Whichever form of workout you choose, remember that consistency is vital. As per a 2011 research study, exercising four to five times a week helped active, aging adults maintain their muscle tone. Develop a consistent exercise routine so you can work out for lengthy durations without experiencing muscle fatigue.
Research has shown that running causes bone tissues to send signals to the pancreas to support its metabolic needs over time, leading to quicker recovery.
In contrast, cycling has a lower impact on the body as it does not put much pressure on the joints. Riding a bike may also help minimize symptoms of arthritis and osteoporosis, reduce pain and stiffness, and lubricate the joints.
Despite its many benefits for joint mobility, cycling may not benefit bone health as much as running, per a 2011 review. Cyclists may also have a lower bone mass than runners, especially in the lower spine. Low bone mass can lead to fractures and other injuries.
According to the same review, biking has no more negative effects on bone health than a sedentary lifestyle. The link between the amount of cycling and optimal bone health is yet to be studied.
Additionally, ultra-endurance cycling may not support bone health. These cyclists tend to have more calcium in their bloodstream, weakening their bones.
There is potential for injury whether you run or ride a bike.
Runners are prone to knee injuries, along with the following:
- Leg and foot injuries, including the thigh and Achilles tendon
- Pelvic injuries
- Back injuries
- Shin splints (inflammation around the shinbone)
On the other hand, cyclists usually suffer from the following injuries and afflictions:
- Knee pain
- Neck pain
- Back pain
- Head injuries
- Pain or numbness in the wrists or forearms
- Genital or rectal pain or numbness
- Foot pain, numbness, or tingling
Those with preexisting injuries, especially in the utilized body parts, must consult their doctor to determine whether they can run or bike long-term. They may also have to take additional precautions while exercising to avoid further injuries.
If you wish to know which workout leads to more injuries, keep in mind that runners usually experience more inflammation compared to cyclists. A study found that after three days of intense training, runners suffered more significant inflammation, muscle damage, and soreness than cyclists.
So if you wish to avoid excessive damage to your muscles or already experience chronic muscle soreness or inflammation, it is best to stick to casual cycling.
Biking is much more costly compared to running. Of course, you first need to purchase a bike to get started. If you plan to cycle indoors, too, you will need to buy a stationary bike. Of course, you can rent a bicycle or go to a local gym, but you’ll be spending money either way.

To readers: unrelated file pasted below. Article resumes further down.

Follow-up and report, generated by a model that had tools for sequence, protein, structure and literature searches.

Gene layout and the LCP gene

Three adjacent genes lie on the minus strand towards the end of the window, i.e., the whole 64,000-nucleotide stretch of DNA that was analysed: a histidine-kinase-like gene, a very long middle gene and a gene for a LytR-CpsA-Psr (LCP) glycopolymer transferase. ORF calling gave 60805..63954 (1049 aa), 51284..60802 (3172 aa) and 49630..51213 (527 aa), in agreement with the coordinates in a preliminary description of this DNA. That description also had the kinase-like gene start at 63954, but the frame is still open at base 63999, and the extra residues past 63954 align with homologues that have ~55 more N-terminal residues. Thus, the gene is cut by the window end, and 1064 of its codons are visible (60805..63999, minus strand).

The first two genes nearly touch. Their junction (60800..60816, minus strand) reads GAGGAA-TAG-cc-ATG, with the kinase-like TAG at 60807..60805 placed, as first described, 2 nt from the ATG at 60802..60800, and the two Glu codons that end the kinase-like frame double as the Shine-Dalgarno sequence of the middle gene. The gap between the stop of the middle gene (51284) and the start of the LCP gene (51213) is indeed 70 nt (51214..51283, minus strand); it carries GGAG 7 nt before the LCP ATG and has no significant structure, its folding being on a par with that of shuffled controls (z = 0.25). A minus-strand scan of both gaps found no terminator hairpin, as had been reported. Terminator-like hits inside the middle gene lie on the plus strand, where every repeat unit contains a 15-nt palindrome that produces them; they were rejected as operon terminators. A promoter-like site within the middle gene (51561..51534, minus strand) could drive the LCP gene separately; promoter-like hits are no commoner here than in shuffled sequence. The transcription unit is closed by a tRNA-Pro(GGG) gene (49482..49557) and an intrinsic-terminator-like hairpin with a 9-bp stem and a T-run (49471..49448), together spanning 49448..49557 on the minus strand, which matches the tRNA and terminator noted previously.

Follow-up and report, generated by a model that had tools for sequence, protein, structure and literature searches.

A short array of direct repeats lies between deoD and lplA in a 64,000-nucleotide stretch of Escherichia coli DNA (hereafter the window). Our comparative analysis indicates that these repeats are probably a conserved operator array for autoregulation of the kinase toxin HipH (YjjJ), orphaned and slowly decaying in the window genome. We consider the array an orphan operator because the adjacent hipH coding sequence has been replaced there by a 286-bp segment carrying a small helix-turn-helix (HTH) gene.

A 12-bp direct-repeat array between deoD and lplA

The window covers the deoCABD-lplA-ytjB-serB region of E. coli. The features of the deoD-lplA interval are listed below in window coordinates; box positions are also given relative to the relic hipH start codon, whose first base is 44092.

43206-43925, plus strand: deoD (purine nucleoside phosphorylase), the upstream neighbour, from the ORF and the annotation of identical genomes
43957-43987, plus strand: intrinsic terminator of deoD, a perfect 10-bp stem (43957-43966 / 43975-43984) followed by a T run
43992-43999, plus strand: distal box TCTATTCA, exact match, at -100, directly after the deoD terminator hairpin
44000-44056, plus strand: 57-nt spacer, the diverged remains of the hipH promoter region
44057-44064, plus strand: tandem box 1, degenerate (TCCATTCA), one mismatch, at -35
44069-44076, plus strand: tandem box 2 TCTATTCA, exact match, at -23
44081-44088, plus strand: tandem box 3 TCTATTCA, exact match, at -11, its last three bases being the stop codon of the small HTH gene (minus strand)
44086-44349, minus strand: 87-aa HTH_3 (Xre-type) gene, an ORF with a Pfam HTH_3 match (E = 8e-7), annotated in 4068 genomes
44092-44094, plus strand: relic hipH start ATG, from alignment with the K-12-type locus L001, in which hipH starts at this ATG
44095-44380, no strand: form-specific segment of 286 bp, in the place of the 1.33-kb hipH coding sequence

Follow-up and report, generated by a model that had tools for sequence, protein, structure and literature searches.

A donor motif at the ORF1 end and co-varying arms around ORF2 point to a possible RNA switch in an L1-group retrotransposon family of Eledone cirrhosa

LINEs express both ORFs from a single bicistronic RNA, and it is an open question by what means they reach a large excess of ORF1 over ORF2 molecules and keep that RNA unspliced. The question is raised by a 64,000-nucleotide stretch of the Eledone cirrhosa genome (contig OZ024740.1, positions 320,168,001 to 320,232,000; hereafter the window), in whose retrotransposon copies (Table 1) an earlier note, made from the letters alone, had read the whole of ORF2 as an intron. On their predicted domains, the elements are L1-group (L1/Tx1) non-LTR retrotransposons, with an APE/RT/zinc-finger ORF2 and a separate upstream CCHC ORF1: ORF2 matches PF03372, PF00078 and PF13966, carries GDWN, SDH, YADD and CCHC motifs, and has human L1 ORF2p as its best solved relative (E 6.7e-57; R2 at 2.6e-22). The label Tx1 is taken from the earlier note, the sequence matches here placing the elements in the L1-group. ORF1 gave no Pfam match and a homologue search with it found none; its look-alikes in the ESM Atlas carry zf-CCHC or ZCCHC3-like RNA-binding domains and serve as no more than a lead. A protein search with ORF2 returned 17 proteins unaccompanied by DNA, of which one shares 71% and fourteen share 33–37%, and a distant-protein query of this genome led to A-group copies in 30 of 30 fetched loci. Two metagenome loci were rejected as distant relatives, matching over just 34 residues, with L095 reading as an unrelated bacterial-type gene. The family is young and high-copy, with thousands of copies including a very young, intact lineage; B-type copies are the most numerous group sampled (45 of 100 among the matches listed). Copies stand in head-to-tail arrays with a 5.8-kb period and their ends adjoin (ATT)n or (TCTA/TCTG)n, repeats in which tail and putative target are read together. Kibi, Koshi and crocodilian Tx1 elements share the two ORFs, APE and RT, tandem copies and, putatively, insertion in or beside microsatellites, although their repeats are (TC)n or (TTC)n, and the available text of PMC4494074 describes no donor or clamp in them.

Bikes also require regular maintenance to continue to perform well over time. You need various tools to take care of all the components or take it to professional mechanics for all its needs. Add a high-quality, certified helmet and dedicated cycling clothes and footwear—it’s a lot of money to spend.
If you plan to use special clothing and gear for running, those accessories can be expensive, too. A good pair of running shoes will safeguard your joints, while activewear limits friction, prevents chafing, and wicks away sweat and moisture. They will allow you to run faster and for longer distances without difficulty or inconvenience.
That said, a bike is a fantastic long-term investment that will lead to many, many benefits. Biking to work, the park, and all over your neighborhood will help you save thousands of dollars each year because you don’t have to spend money on gas or cramped public transport.
More importantly, biking does not harm the environment like other modes of transport, and is, of course, beneficial to your health. All in all, still a win, despite how much you have to spend.
If you wish to get started with cycling, it is wise to borrow a bike and biking gear to help you determine if doing it regularly will suit your lifestyle, personal preferences, and health goals. If you find it enjoyable, you can go ahead and make the investment.
Meanwhile, if you only wish to get in some cardio without spending much on gear, running is more than enough.
Is Biking Better Than Running?
Biking and running each have benefits and downsides. Running burns more calories per hour and is excellent for losing weight more quickly.
It also requires less equipment and is a cheaper hobby overall. So you can easily add it to your daily routine without spending a fortune on gear and accessories.
But cycling is a low-impact aerobic exercise that can help you build muscle. And crucially, cycling is much gentler on your body, particularly your joints and muscles.
Senior adults or those with arthritis, high blood pressure, or are overweight should opt for cycling to enjoy its health benefits and avoid undue strain.
At the end of the day, you should choose the form of exercise that best suits your fitness goals and lifestyle.
More importantly, you should go for cycling vs running based on which workout you enjoy most and will stick to for a long time. This will help you sustain your fitness journey and achieve your health goals more quickly.
You can also opt for both if you like! Go on a fun ride a few days a week and run on alternate days so you can enjoy the best of both worlds.
We hope that you enjoyed reading our article on cycling vs running. If you found it helpful, browse our website for more such guides and blog posts. Happy exercising!
Last Updated on June 29, 2022 by Editor